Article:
In addition, a big profit was obtained, and there was a tendency in the concerned zone that "expansion is fast and contraction is slow". This is in common with the tendency of people to “do their initial action quickly and dramatically,” Goldstein said, which is why people are improving their survival rates.

Robots need to pay attention to detect threats, and there are three possible types of inputs: "direct experience of robots," "scenarios that robots envision," and "information obtained from other robots."

Goldstein says that although humans are not robots, some understanding can be gained given that the brain is executing the algorithms described above.

In other words, unlike a safe world, in a world with a lot of threats, "direct experience" is more risky to pay attention, so "scenario assumption" becomes more important. For this reason, people tend to fall into a thought loop when there are many threats.

In addition, "obtaining information from others" tends to be emphasized in situations where direct experience is not available. It is easy to make a judgment that "when a person is running away from a fire, I should also run away", and the causes and effects loop, including myselfRecursionWill be seen with high reflectance.

Also, people in a safe environment have more chances of survival if they are not concerned, while people in a threatened environment are at increased risk of survival. In the figure below, the upper row sets the concern zone at 83% and the lower row sets the concern zone at 99%. The left column shows "safe environment" and the right column shows "dangerous environment". You can see that in a safe environment, the smaller the zone of concern, the higher the survival rate, and in the dangerous environment, the larger the zone of concern, the higher the survival rate.


Trauma of Holocaust survivors is inherited in childrenHowever, this is also thought to be a reaction to increase the survival probability.

And in the case of algorithms, zones of concern change with experience like being "damaged" or "surviving intact". Humans can also learn how to ease their anxiety from here, says Goldstein. Specifically, we propose the following contents.

1: Create a positive environment

If you are already in a stressful environment, it is recommended to create a positive one. When Mr Goldstein felt overwhelmed by his work, he put a 30 minute break into his schedule. He also said he was spending time investing in a non-profit organization that didn't feel good, and spending time learning and exercising.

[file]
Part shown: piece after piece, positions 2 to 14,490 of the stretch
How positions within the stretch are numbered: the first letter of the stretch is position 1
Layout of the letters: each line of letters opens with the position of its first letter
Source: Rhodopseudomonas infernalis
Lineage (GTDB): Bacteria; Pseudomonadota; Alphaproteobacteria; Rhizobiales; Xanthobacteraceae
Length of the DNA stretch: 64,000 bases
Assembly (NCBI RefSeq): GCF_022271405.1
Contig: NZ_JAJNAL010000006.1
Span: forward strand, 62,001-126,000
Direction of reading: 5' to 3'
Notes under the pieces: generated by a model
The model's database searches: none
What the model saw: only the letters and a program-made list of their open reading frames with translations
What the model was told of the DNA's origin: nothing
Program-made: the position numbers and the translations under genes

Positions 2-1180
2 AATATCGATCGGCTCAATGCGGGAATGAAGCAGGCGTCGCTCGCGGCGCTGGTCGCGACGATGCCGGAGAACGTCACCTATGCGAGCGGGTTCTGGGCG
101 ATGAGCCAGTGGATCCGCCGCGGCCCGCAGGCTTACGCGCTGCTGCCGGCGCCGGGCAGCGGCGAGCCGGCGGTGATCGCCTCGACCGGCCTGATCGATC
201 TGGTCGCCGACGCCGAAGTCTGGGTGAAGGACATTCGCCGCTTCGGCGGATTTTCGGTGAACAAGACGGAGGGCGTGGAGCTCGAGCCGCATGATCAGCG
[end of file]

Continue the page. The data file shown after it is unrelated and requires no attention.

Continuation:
2: Change how to use the Internet

Social media is especially flooded with negative information. Goldstein recommends staying away from negative social media while continuing to use the Internet to get ideas and learn from certain online communities.

3: Find a supportive person

For Goldstein, who couldn't change his stressful environment while running Hipmunk, the most “positive thing” was to work with people who supported him. It is possible to adjust the zone of concern by finding a collaborative person such as a friend, lover, or therapist.

4: Make more positive inputs

It is thought that "self-compassion" that cares about oneself is an important element that supports success, but in order to realize self-compassion, it is important to understand and encourage oneself on a daily basis. ..

5: Accept anxiety

Since it is natural to feel anxiety with feelings of fear and contempt, Mr. Goldstein seems to be taking a deep breath when he feels anxious and making the area of ​​concern smaller by feeling grateful.

6: Control your imagination

Many of the “negative inputs” that people get are imaginative. But when, for example, a dreadful video begins playing in your head, you can switch to another positive thought. This is called "self-thinking control," which may not work from the start, but training, like meditation, can improve skills, says Goldstein.